Cooper University Hospital (NJ) awards a contract to MedQuist for computer-assisted coding technology and outsourced coding services.
Girard Medical Center (KS) signs with Cerner.
Regional Medical Imaging (MI) chooses Merge Healthcare’s radiology information system, expecting to receive $600,000 from Meaningful Use incentives for its 13 radiologists. Merge says 90% of radiologists are eligible for MU money and it will pursue certification for its RIS to help them earn it.
Kaleida Health (NY) says it is actively adding EMR capabilities across it hospitals and clinics. Its $20 million Cerner implementation should be complete by the end of 2012.
Tift Regional Medical Center (GA) goes live with RTLS temperature monitoring and asset tracking from AeroScout.
athenahealth creates a “burn unit” to handle physician practices that have been burned by old EMR systems and are looking for new solutions. CEO Jonathan Bush says about 35% of his company’s new EMR clients are replacing old EMRs.
ODIN announces EasySpecimen, an RFID-based pathology specimen management system, licensing the technology from Mayo Clinic.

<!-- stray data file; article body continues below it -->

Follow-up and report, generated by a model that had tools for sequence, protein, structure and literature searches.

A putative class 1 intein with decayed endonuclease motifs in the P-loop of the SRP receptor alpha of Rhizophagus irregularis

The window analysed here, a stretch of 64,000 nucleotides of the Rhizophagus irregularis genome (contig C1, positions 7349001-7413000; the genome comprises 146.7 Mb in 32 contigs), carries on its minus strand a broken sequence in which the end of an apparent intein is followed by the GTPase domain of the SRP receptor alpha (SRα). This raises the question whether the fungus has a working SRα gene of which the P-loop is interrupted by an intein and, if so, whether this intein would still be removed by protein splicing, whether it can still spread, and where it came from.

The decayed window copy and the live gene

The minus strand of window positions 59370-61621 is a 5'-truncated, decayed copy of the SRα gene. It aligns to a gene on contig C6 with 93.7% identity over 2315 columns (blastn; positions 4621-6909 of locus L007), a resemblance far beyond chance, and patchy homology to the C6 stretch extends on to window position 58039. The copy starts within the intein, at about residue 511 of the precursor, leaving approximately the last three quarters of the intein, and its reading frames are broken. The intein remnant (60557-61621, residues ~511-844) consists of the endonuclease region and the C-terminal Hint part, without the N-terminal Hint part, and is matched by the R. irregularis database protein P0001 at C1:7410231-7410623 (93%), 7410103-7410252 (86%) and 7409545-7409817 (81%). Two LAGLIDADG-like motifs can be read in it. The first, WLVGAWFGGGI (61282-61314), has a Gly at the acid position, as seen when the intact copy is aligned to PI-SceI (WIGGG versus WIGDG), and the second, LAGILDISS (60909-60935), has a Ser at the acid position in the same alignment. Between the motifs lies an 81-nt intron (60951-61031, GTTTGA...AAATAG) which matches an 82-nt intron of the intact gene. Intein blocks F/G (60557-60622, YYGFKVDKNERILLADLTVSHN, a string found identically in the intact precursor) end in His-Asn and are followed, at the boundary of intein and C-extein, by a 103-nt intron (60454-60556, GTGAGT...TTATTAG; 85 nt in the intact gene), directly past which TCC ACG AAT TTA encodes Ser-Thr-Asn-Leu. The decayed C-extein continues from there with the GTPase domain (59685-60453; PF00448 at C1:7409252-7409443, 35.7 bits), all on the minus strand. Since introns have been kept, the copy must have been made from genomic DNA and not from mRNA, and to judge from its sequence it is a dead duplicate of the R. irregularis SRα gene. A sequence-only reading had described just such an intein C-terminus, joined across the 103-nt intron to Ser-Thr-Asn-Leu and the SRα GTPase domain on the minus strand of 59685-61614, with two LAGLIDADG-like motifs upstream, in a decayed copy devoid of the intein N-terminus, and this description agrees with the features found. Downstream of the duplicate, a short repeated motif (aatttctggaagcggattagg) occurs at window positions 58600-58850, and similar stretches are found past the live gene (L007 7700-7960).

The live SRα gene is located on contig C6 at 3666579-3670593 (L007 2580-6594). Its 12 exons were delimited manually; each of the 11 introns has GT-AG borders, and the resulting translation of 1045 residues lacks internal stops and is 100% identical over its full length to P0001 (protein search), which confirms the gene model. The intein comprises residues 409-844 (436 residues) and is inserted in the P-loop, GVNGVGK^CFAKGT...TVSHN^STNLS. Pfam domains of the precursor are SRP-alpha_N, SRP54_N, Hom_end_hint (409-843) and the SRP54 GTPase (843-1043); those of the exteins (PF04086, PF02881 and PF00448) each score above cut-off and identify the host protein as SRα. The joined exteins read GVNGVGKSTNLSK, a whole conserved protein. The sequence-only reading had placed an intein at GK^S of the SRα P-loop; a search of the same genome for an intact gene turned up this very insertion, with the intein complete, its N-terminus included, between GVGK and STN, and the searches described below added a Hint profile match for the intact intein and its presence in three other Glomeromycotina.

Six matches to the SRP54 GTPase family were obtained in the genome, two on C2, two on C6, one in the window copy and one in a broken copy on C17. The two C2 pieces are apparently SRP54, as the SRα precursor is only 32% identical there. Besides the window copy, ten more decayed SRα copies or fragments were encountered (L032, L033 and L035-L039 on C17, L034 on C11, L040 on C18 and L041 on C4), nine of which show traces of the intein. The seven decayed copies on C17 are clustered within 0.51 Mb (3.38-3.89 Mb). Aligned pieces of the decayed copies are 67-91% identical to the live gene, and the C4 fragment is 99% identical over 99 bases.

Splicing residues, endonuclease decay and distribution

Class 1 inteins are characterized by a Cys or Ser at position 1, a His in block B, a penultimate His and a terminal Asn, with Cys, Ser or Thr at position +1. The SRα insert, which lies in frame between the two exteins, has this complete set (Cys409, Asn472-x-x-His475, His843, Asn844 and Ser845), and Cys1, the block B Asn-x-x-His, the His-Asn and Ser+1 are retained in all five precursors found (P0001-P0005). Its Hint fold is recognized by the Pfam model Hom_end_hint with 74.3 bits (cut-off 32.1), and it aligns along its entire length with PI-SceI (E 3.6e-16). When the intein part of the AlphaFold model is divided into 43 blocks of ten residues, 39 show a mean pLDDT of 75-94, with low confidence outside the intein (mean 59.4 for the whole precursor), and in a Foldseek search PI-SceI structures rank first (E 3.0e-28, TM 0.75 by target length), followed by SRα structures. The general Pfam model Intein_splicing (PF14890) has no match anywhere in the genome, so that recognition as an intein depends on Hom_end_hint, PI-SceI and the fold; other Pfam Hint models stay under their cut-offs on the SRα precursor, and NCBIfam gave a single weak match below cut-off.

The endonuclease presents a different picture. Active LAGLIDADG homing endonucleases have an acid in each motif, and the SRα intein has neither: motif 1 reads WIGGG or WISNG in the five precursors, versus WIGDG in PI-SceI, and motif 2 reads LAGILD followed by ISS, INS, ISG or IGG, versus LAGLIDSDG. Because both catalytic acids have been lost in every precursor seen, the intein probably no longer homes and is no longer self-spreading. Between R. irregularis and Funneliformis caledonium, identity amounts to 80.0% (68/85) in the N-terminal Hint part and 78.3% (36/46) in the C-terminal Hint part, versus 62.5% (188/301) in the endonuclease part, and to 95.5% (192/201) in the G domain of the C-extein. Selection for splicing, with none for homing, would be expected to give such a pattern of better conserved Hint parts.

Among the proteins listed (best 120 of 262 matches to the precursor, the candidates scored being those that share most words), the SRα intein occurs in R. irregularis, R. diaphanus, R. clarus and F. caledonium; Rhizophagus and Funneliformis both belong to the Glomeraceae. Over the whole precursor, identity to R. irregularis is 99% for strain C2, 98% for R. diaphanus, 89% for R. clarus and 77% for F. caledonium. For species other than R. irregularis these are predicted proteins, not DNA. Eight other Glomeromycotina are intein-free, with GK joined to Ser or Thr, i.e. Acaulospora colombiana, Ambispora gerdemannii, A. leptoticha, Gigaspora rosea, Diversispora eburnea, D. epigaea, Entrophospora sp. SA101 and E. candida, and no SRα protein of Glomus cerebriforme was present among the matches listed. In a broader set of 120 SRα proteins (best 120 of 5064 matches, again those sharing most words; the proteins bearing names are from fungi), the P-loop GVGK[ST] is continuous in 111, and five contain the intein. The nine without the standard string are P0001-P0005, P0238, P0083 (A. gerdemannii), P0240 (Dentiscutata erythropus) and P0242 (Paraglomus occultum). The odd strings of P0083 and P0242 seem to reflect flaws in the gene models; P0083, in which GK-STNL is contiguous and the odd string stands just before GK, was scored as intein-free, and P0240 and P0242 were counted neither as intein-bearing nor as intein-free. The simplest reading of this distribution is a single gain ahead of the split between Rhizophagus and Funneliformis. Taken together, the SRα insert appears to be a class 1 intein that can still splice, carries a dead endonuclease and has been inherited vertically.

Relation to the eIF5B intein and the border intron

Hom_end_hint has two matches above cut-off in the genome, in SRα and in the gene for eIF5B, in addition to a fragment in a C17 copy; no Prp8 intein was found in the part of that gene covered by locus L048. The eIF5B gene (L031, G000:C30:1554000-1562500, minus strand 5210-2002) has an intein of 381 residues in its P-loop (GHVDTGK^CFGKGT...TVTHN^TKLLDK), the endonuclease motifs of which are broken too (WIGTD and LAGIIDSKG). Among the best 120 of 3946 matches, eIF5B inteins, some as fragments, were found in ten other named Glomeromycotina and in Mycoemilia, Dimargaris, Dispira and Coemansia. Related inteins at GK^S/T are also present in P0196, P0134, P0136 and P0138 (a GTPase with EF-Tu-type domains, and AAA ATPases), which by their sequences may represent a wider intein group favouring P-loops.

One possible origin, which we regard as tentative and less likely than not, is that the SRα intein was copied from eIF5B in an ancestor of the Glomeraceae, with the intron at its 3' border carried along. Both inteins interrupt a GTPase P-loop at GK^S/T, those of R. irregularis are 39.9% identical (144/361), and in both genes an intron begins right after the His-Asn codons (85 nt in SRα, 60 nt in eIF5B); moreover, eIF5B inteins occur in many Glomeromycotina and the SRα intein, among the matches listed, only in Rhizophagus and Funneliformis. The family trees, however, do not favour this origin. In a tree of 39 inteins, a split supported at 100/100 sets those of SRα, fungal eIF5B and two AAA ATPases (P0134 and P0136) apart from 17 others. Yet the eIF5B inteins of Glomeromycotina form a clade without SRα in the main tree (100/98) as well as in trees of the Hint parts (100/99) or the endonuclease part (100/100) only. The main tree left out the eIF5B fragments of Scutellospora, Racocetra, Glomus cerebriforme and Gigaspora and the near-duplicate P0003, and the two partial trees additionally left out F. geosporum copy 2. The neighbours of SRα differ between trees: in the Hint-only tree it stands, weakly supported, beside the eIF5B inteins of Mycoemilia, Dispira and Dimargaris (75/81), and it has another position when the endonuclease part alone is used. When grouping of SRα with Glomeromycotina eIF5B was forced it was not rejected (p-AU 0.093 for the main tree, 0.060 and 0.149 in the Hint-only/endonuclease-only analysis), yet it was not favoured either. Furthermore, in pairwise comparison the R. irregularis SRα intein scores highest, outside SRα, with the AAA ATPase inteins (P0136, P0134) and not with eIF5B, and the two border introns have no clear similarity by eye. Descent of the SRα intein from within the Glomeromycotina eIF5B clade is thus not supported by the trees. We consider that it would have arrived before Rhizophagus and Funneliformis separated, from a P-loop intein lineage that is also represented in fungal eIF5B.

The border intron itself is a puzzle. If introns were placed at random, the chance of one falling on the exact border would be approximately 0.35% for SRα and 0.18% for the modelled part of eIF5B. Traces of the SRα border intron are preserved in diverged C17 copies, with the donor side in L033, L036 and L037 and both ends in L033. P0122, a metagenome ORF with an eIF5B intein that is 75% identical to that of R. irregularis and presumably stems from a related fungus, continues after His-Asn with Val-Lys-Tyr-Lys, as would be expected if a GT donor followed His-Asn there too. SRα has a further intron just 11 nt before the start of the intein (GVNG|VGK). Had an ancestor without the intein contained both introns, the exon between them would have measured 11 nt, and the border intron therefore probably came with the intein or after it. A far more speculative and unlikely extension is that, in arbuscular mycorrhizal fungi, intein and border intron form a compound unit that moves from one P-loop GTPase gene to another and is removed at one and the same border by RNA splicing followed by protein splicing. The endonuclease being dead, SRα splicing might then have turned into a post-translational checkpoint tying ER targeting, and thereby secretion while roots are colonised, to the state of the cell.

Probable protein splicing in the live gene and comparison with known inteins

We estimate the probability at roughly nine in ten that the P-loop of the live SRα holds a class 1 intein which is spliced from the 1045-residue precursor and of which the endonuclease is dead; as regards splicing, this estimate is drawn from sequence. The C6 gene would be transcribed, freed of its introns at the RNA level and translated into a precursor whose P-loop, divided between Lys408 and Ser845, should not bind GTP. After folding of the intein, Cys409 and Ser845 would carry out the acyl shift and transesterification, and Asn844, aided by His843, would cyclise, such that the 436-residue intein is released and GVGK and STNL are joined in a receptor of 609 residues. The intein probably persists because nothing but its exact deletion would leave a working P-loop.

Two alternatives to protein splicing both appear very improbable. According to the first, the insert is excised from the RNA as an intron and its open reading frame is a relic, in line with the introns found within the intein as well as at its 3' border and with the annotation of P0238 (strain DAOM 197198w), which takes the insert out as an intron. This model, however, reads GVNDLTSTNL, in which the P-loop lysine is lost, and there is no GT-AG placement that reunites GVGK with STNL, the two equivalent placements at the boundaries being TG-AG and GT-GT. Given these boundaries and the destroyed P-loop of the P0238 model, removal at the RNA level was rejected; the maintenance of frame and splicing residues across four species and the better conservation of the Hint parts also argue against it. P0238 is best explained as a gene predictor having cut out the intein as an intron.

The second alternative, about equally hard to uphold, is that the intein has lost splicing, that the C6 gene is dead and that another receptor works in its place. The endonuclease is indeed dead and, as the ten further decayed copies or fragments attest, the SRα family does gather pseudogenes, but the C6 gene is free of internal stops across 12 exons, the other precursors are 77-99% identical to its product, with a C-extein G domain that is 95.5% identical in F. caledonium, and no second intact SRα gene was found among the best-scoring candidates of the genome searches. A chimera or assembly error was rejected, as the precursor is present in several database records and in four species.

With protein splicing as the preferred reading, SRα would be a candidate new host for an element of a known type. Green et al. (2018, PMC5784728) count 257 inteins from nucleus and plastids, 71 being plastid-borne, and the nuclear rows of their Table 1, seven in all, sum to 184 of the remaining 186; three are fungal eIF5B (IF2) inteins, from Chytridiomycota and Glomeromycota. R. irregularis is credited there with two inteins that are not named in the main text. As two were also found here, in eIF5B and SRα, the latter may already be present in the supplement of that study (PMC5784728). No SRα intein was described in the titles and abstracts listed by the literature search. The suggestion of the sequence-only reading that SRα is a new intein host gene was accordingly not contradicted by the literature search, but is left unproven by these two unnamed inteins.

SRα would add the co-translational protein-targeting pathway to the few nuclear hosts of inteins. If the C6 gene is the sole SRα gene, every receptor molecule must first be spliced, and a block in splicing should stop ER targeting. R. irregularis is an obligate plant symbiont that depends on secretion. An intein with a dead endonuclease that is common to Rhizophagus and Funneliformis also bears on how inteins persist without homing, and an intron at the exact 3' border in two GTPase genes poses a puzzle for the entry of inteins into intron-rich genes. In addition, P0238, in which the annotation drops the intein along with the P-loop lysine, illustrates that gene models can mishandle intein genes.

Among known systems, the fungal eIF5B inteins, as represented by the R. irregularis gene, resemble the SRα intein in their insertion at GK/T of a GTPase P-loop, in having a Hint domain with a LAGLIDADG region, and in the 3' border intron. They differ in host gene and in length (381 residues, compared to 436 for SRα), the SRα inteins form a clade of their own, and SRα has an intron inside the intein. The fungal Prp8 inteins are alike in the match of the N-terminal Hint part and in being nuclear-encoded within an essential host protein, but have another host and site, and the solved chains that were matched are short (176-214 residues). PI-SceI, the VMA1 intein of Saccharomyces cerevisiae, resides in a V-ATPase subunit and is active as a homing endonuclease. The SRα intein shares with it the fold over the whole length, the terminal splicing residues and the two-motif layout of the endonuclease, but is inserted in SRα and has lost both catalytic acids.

England’s Department if Health announces completion a project to move all prisons to a single electronic medical records system, allowing them to transfer records when inmates are moved. The article takes jabs at NPfIT, saying the prison system has more detailed information than NPfIT’s Summary Care Record.
Government and Politics
CMS’s healthcare fraud enforcer (a pediatrician and lawyer) says he’s going to crack down on criminals, many of them working out of South Florida, who are scamming Medicare and Medicaid for up a quarter trillion dollars per year. Much of his arsenal involves smarter payment software that can detect fraud more quickly, needed since the fraudsters are using electronic billing systems to commit their crimes. Says one expert, “The crooks know now that these computerized payment systems are their best friend. They will study carefully the art of billing correctly, they will produce electronic transactions that are perfect on their face, but it’s just a pack of lies.” An irony: Florida Governor Rick Scott was CEO of the company (Columbia HCA) that admitted to extensive Medicare fraud, costing the company $2 billion to settle.